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Courting Darkness Tour and Giveaway!

Courting Darkness
The Magicsmith Book 2
by L.R. Braden
Genre: Urban Fantasy, Paranormal Romance

“A great story of murder, mystery . . . and well-developed characters.”—Margie Hager, Netgalley Reviewer on A Drop of Magic

A Drop of Magic is a damned fun and original read, with sass, action, hot men, and a whole lot of magic.” —Diana Pharaoh Francis, author of the Diamond City Magic, Magicfall, and Horngate Witches series

Deeper into the shadows. . .

The paranatural community isn’t done with Alex. She’s been summoned to the fae court, and she’s got her hands full trying to prepare.  But her date with the fae will have to wait. There’s been a death at the gallery, and the man she hoped would be a part of her future is the prime suspect.

Bitter enemies pull her into the middle of a paranatural war for territory that has her dodging police, swords, teeth, and claws—not to mention the truth. The deeper she digs, the more secrets she uncovers, and the less certain she is about the innocence of the one man she wanted to trust.

She thought she was done with murder and monsters, but she’ll have to enter the belly of the beast if she hopes to save her friend.

MY BREATH PUFFED out in angry little clouds as I shivered under the star-streaked sky that stretched above my patch of frozen mountain. Jaw clenched, I shoved a key into the lock on my front door with enough force to jerk the purse off my shoulder. It slid down, snagging at my elbow, and the shift in weight jostled the dome-covered cake balanced in my other hand.

I couldn’t believe James had stood me up again. After all his promises. Twenty minutes standing outside his house. Then a quick call about unavoidable business at the gallery. Sure he’d apologized, given me his

usual line about making it up to me “another time.” But another time never seemed to come for James and me.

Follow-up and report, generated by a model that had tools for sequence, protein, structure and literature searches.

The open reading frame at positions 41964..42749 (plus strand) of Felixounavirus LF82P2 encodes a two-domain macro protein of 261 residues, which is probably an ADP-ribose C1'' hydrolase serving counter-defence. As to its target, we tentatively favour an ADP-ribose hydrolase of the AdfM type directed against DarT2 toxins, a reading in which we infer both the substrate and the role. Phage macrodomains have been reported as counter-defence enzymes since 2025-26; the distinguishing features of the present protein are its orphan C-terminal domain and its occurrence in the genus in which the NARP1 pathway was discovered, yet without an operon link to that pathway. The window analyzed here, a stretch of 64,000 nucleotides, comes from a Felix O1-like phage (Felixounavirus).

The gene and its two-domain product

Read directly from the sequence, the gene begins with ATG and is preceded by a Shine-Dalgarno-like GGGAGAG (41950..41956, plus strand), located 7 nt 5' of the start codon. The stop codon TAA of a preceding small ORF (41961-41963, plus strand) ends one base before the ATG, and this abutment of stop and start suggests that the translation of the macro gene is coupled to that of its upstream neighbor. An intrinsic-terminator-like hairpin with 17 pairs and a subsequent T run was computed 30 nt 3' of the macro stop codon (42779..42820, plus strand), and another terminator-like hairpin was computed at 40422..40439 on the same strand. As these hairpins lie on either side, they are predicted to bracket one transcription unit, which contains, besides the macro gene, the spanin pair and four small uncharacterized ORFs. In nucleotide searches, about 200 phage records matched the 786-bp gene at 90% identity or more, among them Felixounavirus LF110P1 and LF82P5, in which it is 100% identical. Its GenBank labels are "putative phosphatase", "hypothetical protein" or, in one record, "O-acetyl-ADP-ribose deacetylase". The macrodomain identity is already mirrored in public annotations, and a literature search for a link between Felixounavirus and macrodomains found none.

I twisted the keys. Those not in the lock dug into my palm.

Another time. If he said those words again, I was going to run him over with my Jeep.

The door stuck, swollen by moisture. I growled and pushed harder, hissing when my weight settled onto the freshly re-knit muscles of my right leg. I gave the door another shove, and it finally gave way, slamming

into the adjoining wall with a bang, my keys still dangling from the lock.

I froze in the doorway. My living room was occupied.

I’d been looking forward to curling up with my cake and my anger. Habits formed through years of solitude were hard to break, and I still wasn’t used to having roommates. Company was going to put a serious crimp in my plans.

Kai and Chase were sitting across from each other on my faded furniture, cards and poker chips on the coffee table between them. Neither seemed surprised by my dramatic entrance.

“You’re home early.” Kai glanced in my direction, and his eyes were swirling galaxies of color rather than the deep brown of his glamour—the human disguise he wore less and less these days. He was a fae knight from the Realm of Enchantment who’d been living in my guest room for about a month, most of which was spent saving the world from a murderer with a magic, world-eating box. He cradled a hand of cards to his chest so his opponent couldn’t cheat. “Didn’t think we’d see you till much later.”

“Or tomorrow,” added Chase without looking up.

I’d let Chase into my home when I thought he was just a cat, before I knew he was actually a fae who could change form at will. I let him stay because he saved my life. Of course, when I made that deal, the understanding was that he’d remain the gray tabby I’d taken in last summer, but he’d been spending more time with fingers than fur lately.

“Call.” He dumped a handful of colorful plastic chips onto the pile already on the table.

“Yeah well . . .” I pulled my key out of the door and kicked it closed behind me. “Plans change.”

Chase glanced up and raised a silver eyebrow over one luminous green eye. “You’ve replaced James with a cake?”

The plastic dome I hugged gave a clear view of the decadent chocolate cake I’d picked up on my way home.

“This is my consolation prize.” I lifted my chin and carried the calorie-laden confection to the high counter that separated the kitchen from the living room. “Don’t judge me.”

“Let me guess.” Chase tossed his long silver braid behind his shoulder, making his pointed, slightly furry ears twitch. “Something came up.”